//add the delegate for CanDoSomething

m_legacyComObject.CanDoSomething += m_legacyComObject_CanDoSomething;

//add the delegate for DoneSomething

m_legacyComObject.DoneSomething += m_legacyComObject_DoneSomething;

// m_legacyComObject_CanDoSomething and m_legacyComObject_DoneSomething are two functions implemented in the user class.


Because we treat the two methods as two separate events we need to make two calls to _ILegacyComObjectEvents_EventProvider::add_CanDoSomething and _ILegacyComObjectEvents_EventProvider::add_DoneSomething

Looking at the pseudo code above this would lead to two
separate connections or two separate Advise calls and which is inefficient.

In this case, for example, in the first call we create _ILegacyComObjectEvents_SinkHelper instance and call IConnectionPoint::Advise on it. Also notice that _ILegacyComObjectEvents_SinkHelper::m_DoneSomethingDelegate will remain NULL. If unmanaged COM server invokes this DoneSomething event then we would simply return a default value. The delegates are allowed to return only the primitive types or the value types.


Comments (3)

  1. gcbartlett says:

    Thanks for such a detailed blog.

    I am trying to replace the _EventProvider class produced by tlbimp with one of my own to get around the problem of multiple EventSink subscriptions, but I can’t figure out how to combine the various pieces into a replacement interop assembly.

    So far, I’ve:

    1) generated an interop assembly for my COM object using tlbimp

    2) disassembled this into IL using ildasm

    3) decompiled the IL for the _EventProvider class into C# using the .NET Reflector

    4) removed the _EventProvider class from the IL

    5) replaced the _EventProvider implementation with my own C# code.

    But I don’t know how to recombine the pieces.  I want to assemble the stripped IL and compile the custom C# into one assembly combining references as appropriate.  (If this was C++ and ASM, I would compile/assemble the source modules into OBJ files and then just link them together with the linker).

    If I try to compile/assemble either piece separately I get unresolved references.

    I also tried decompiling the whole interop IL into C#, but ended up with bad source code (our COM object uses multiple indexer properties).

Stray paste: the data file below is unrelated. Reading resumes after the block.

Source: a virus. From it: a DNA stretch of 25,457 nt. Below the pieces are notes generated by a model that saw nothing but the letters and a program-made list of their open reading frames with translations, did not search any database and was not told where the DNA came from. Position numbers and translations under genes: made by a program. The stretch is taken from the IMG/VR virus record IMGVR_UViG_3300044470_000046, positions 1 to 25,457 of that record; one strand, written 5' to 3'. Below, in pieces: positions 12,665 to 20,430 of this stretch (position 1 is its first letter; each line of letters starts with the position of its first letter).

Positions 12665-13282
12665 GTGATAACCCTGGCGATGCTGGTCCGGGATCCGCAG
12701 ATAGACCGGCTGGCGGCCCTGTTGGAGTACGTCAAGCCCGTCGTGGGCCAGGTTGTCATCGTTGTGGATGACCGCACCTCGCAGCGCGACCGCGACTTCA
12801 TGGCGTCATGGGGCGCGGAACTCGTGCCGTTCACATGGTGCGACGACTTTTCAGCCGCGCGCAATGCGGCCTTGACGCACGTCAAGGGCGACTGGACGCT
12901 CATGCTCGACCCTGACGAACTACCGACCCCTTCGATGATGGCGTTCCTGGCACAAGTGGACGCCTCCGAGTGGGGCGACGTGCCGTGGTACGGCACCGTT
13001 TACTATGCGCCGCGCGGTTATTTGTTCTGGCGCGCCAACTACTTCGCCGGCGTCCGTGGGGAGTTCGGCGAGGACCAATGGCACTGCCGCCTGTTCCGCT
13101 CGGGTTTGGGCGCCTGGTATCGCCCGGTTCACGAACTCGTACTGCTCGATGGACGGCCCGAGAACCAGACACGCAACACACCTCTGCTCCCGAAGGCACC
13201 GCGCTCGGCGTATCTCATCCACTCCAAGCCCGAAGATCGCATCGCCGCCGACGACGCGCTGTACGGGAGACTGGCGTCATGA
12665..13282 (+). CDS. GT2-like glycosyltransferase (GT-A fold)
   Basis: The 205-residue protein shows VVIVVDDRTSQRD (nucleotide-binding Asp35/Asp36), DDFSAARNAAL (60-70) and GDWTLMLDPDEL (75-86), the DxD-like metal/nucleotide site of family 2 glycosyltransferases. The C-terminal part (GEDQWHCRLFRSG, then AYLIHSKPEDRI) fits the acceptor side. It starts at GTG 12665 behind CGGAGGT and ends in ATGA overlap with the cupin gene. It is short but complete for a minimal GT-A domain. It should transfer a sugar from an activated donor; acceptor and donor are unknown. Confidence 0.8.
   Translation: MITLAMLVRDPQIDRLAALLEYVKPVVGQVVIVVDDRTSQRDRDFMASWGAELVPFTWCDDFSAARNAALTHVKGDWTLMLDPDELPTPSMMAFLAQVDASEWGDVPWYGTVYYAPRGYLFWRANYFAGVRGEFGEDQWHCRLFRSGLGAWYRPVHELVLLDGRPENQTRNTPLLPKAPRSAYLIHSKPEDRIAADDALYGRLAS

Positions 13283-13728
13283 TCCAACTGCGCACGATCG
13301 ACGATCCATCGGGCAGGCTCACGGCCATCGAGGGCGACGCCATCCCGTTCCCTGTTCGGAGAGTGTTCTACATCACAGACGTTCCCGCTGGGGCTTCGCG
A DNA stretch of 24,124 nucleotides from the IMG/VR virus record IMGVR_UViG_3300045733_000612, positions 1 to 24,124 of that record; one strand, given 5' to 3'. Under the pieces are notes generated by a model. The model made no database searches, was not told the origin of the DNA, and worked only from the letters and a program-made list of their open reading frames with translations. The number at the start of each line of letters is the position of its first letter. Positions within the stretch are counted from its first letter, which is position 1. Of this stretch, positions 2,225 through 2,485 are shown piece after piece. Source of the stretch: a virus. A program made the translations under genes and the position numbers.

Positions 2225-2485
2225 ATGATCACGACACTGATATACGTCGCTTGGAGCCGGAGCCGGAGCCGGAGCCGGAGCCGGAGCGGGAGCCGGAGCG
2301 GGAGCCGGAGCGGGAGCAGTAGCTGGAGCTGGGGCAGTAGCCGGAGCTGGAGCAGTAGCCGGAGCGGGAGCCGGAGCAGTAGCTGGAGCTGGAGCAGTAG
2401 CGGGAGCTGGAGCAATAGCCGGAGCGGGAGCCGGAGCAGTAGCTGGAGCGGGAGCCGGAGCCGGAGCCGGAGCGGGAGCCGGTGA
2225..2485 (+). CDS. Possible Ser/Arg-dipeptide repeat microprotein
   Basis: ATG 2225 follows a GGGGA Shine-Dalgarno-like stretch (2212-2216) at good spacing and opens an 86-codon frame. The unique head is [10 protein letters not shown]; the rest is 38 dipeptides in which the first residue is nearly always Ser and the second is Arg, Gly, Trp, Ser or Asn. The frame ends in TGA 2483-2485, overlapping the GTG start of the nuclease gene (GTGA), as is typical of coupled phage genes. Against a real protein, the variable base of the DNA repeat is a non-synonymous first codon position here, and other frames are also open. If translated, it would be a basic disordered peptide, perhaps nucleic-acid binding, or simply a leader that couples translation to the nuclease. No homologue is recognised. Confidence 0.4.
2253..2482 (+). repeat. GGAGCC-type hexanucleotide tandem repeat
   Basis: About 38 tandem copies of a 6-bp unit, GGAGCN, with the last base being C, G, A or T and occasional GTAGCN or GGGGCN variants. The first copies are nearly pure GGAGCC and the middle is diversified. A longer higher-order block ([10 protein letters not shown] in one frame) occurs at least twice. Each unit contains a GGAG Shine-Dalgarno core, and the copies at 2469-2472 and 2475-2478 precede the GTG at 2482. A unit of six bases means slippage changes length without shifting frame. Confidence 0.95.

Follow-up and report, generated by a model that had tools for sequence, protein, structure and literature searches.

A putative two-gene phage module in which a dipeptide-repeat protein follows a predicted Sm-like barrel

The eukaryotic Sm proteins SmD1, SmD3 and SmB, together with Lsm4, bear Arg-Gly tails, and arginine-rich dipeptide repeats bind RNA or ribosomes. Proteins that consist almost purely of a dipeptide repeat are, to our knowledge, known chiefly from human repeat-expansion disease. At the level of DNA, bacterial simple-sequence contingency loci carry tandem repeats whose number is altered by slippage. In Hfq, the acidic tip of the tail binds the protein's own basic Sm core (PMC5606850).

Any help will be greatly appreciated.



  2. R.D. Holland says:

    gcbartlet, If by multiple event sink objects you mean the issue where each time the user adds an event handler the COM object gets a separate connection point added to it, one can avoid that by implementing the event set directly.

    Either derive your .NET class from the event interface or use the "Implements" keyword. This approach requires that all the methods in the event interface be implemented (they can be stubs) but the result is the COM object only gets one connection added to it.

    Code to connect looks something like this:

    Dim CP as IConnectionPoint

    Dim Cookie as Integer

    Dim EventGuid as Guid

    EventGuid = (GetType(someeventinterface)).GUID

    Dim CPC As IConnectionPointContainer

    CPC = someobjectthatsupportssomeeventinterface



    I write a function that does the above and put the CP and Cookie in my instance data. I just ignore the "_Events" object altogether as well as (in VB) using "Dim withevents …"

    I also think the latest .NET now avoids adding a new connection point for each event delegate added. But I've never tested that. Once I wrote a .NET object that connected to all the events in a large event interface and found that I was being swamped with connection points in my COM object, I went the above route and haven't looked back.